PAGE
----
Archive for data privacy

One World ABC seminar [season 2]

Posted in Books, Statistics, University life with tags , , , , , , on March 23, 2021 by xi'an

The One World ABC seminar will resume its talks on ABC methods with a talk on Thursday, 25 March, 12:30CET, by Mijung Park, from the Max Planck Institute for Intelligent Systems, on the exciting topic of producing differential privacy by ABC. (Talks will take place on a monthly basis.)

Big Bayes goes South

Posted in Books, Mountains, pictures, Running, Statistics, Travel, University life with tags , , , , , , , , , , , , , , , , , , , , , , on December 5, 2018 by xi'an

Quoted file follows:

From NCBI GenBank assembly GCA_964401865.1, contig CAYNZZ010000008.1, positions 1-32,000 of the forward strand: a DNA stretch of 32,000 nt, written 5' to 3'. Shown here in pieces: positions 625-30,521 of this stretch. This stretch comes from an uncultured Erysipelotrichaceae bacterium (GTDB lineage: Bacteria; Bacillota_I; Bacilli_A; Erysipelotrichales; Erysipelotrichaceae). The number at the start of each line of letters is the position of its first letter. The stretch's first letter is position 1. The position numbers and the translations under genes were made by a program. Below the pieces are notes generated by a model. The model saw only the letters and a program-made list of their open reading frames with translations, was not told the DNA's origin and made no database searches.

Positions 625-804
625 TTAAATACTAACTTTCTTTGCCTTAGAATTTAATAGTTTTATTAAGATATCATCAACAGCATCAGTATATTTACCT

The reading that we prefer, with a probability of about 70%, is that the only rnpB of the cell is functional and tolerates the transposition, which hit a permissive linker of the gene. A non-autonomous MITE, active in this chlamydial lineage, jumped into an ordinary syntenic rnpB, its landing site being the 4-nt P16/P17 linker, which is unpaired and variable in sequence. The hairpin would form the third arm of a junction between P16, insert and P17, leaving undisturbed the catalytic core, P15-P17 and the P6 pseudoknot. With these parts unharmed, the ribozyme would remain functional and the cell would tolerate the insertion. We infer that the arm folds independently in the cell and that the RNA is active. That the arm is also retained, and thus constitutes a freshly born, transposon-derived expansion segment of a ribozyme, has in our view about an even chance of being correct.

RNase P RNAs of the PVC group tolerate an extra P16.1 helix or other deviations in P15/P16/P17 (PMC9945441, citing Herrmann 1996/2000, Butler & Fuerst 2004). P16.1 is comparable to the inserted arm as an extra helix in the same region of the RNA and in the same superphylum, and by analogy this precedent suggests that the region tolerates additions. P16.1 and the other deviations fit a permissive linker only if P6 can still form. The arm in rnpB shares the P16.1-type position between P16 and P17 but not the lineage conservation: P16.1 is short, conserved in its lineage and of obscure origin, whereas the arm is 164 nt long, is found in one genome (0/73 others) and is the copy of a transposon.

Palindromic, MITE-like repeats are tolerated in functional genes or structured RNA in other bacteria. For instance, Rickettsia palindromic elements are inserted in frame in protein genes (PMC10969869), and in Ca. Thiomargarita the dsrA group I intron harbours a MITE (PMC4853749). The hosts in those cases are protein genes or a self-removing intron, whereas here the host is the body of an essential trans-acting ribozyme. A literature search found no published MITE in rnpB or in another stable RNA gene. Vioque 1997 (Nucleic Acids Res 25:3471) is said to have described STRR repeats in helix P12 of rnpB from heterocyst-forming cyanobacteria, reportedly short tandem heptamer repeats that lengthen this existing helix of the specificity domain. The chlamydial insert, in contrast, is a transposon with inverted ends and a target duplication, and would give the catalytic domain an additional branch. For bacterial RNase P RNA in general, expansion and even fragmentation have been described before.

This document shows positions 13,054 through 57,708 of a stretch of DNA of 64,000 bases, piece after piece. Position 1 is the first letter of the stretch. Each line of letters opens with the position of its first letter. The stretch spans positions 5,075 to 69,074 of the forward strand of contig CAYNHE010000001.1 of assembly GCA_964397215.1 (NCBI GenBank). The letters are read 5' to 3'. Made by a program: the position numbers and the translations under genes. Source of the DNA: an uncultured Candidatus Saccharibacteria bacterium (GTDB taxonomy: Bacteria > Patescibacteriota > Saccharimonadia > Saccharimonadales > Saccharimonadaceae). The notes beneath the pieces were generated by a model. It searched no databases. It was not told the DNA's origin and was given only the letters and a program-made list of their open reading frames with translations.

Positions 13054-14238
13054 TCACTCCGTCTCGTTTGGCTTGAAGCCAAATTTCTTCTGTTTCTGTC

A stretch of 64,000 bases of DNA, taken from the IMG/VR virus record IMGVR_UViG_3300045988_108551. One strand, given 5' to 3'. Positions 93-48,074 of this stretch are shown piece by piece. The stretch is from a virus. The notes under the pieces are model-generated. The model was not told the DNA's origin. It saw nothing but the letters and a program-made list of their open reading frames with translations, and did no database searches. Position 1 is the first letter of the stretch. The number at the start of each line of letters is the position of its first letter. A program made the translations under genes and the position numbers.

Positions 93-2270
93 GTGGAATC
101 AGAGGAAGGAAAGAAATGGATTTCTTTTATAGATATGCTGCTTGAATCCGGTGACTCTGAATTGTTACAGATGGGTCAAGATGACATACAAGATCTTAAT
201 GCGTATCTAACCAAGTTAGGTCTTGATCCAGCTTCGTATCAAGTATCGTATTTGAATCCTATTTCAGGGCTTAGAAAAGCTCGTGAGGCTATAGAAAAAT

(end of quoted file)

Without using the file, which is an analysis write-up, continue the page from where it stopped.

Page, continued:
At the Big [Data] Bayes conference this week [which I found quite exciting despite a few last minute cancellations by speakers] there were a lot of clustering talks including the ones by Amy Herring (Duke), using a notion of centering that should soon appear on arXiv. By Peter Müller (UT, Austin) towards handling large datasets. Based on a predictive recursion that takes one value at a time, unsurprisingly similar to the update of Dirichlet process mixtures. (Inspired by a 1998 paper by Michael Newton and co-authors.) The recursion doubles in size at each observation, requiring culling of negligible components. Order matters? Links with Malsiner-Walli et al. (2017) mixtures of mixtures. Also talks by Antonio Lijoi and Igor Pruenster (Boconni Milano) on completely random measures that are used in creating clusters. And by Sylvia Frühwirth-Schnatter (WU Wien) on creating clusters for the Austrian labor market of the impact of company closure. And by Gregor Kastner (WU Wien) on multivariate factor stochastic models, with a video of a large covariance matrix evolving over time and catching economic crises. And by David Dunson (Duke) on distance clustering. Reflecting like myself on the definitely ill-defined nature of the [clustering] object. As the sample size increases, spurious clusters appear. (Which reminded me of a disagreement I had had with David McKay at an ICMS conference on mixtures twenty years ago.) Making me realise I missed the recent JASA paper by Miller and Dunson on that perspective.